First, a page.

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Esry v. P.F. Chang's China Bistro Inc.

United States District Court, E.D. Arkansas, Western Division

March 22, 2019

JACQUELINE ESRY, Individually and on Behalf of all Others Similarly Situated PLAINTIFF



         This case is about the Little Rock P.F. Chang's payment practice s with respect to its servers. Jacqueline Esry and several opt-in plaintiffs worked as servers for P.F. Chang's in Little Rock, where they received a tipped rate of $2.63 an hour from P.F. Chang's as well as tips. The plaintiffs claim the restaurant wrongly paid them the tipped rate for time that they should have been paid minimum wage. They argue that P.F. Chang's required servers to spend substantial time on work that by itself does not generate tips, such as rolling silverware or cleaning tables after customers have finished dining. By doing so P.F. Chang's violated the Fair Labor Standards Act and the Arkansas Minimum Wage Act, they say, and they seek among other things backpay and liquidated damages under both statutes.[1]

         P.F. Chang's contends that it did nothing wrong by paying Esry and other servers the tipped rate for all their hours worked. It points out that P.F. Chang's undisputed practice was to ensure the servers received at least the applicable minium wage if, in a given workweek, that server did not earn sufficient tips to cover the tip credit. The servers therefore undisputably effectively received at least the hourly minimum wage, in accordance with the FLSA. P.F. Chang's moves for summary judgment on Esry's claims. For the reasons that follow, the motion is denied.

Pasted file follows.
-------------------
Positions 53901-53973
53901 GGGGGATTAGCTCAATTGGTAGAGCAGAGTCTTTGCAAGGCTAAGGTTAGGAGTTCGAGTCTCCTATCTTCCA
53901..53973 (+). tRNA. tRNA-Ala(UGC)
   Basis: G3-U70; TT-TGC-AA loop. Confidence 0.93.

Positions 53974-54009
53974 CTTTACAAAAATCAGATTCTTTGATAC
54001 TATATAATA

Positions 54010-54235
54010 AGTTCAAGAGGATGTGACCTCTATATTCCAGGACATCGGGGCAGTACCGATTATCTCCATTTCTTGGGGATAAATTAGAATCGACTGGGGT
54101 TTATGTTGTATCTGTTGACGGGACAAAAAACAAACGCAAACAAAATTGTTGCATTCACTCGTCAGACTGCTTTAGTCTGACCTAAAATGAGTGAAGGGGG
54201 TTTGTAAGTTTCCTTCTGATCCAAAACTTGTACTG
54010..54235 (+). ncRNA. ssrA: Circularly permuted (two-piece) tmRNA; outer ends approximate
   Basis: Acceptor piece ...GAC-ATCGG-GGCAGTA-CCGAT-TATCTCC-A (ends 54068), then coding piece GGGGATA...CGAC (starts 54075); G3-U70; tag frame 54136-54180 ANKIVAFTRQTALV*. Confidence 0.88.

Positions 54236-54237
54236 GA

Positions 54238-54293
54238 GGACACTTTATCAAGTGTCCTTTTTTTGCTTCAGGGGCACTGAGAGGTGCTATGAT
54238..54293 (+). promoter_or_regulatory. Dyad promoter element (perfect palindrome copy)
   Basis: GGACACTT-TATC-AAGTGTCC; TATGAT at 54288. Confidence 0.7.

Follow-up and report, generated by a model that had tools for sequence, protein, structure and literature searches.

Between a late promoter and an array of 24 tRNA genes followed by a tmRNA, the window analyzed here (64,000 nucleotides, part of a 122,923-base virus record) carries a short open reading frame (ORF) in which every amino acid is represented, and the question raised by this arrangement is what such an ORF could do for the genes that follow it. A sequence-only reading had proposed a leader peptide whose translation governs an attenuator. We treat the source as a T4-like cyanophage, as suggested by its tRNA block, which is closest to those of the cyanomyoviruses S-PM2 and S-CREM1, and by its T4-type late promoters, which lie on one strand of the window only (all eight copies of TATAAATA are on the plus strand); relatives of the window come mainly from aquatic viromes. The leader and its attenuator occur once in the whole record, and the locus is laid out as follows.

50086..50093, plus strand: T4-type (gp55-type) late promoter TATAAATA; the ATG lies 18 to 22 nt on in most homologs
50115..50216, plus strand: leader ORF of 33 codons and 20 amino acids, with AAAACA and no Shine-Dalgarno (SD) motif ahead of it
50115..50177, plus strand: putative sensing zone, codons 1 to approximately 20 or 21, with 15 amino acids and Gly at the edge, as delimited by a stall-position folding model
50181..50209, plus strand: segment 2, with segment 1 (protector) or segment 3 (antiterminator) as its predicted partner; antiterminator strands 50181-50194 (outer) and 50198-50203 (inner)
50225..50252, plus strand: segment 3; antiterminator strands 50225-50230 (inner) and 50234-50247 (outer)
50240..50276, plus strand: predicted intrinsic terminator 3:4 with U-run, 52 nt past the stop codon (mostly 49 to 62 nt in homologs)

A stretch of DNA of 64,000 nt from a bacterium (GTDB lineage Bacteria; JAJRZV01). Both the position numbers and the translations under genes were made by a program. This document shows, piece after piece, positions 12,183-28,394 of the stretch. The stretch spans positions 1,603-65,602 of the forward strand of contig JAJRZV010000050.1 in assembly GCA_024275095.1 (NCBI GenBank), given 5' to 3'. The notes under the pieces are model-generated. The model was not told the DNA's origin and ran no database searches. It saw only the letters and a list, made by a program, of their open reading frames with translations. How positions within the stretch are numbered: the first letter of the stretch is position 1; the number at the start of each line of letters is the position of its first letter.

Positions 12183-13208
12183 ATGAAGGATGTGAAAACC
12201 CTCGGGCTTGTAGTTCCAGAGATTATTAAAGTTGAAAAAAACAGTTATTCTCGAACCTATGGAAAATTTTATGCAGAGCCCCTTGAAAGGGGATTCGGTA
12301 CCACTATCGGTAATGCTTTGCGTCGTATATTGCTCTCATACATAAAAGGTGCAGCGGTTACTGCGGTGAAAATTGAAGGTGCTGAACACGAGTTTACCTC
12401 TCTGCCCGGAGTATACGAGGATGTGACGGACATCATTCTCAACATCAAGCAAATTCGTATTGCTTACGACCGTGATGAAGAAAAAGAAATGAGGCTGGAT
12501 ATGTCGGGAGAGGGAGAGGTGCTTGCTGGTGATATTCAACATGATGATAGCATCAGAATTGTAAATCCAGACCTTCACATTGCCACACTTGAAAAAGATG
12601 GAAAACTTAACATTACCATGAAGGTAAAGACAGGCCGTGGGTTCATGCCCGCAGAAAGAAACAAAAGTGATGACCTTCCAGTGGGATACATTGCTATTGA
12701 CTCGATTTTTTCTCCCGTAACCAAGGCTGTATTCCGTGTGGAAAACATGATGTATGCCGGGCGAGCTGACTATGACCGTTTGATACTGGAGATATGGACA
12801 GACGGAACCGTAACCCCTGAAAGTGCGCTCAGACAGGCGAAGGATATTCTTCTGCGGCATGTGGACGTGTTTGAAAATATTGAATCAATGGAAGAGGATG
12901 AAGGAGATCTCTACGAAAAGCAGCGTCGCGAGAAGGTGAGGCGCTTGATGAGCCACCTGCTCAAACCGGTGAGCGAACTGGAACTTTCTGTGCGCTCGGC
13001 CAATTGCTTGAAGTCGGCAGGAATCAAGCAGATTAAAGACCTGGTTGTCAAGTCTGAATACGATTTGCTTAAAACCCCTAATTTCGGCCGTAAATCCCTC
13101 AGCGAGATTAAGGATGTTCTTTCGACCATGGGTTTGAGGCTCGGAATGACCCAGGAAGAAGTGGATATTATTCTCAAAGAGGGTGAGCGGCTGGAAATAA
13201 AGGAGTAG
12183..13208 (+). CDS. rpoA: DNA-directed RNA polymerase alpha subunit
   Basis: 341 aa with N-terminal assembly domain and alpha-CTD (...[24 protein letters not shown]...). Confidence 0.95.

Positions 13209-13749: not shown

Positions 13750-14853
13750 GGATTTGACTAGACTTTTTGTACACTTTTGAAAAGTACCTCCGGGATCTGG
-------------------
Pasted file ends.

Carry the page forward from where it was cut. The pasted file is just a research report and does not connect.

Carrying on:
The FLSA[2] requires employers to pay employees a minimum hourly wage, which is currently $7.25 per hour. 29 U.S.C. § 206(a)(1)(C). But an employer generally may take a “tip credit” by paying “tipped employees” a lower “tipped rate” instead of minimum wage - so long as the employees receive enough tips to make up the difference between the tipped rate and minimum wage. Id. § 203(m). A “tipped employee” is an “employee engaged in an occupation in which he customarily and regularly receives more than $30 a month in tips.” Id. § 203(t).

         Recognizing that there are situations in which employees have more than one occupation under one employer-some occupations that are tipped and some that are not-the Department of Labor, tasked with enforcing the FLSA, promulgated a “dual jobs” regulation interpreting and implementing the tip credit. See 29 C.F.R. § 531.56(e). It provides the example of a maintenance man who also serves as a waiter. Id. Such an individual must receive the full minimum wage “for his hours of employment in his occupation of maintenance man, ” which does not generate tips, but may be paid as a “tipped employee” with respect to his employment as a waiter (so long as he customarily and regularly receives $30 a month in tips). Id. The regulation then explains:

Such a situation is distinguishable from that of a waitress who spends part of her time cleaning and setting tables, toasting bread, making coffee and occasionally washing dishes or glasses. It is likewise distinguishable from the counterman who also prepares his own short orders or who, as part of a group of countermen, takes a turn as a short order cook for the group. Such related duties in an occupation that is a tipped occupation need not by themselves be directed toward producing tips.

Id. The Court defers under Chevron to this regulation because the statute is ambiguous. See Fast v. Applebee's Intern., Inc., 638 F.3d 872, 878-79 (8th Cir. 2011) (stating that “we owe Chevron deference” to the regulation; as in the FLSA Congress “did not define ‘occupation' or address the possibility of an employee working more than one occupation for the same employer, ” nor did it define “engaged in an occupation”).[3]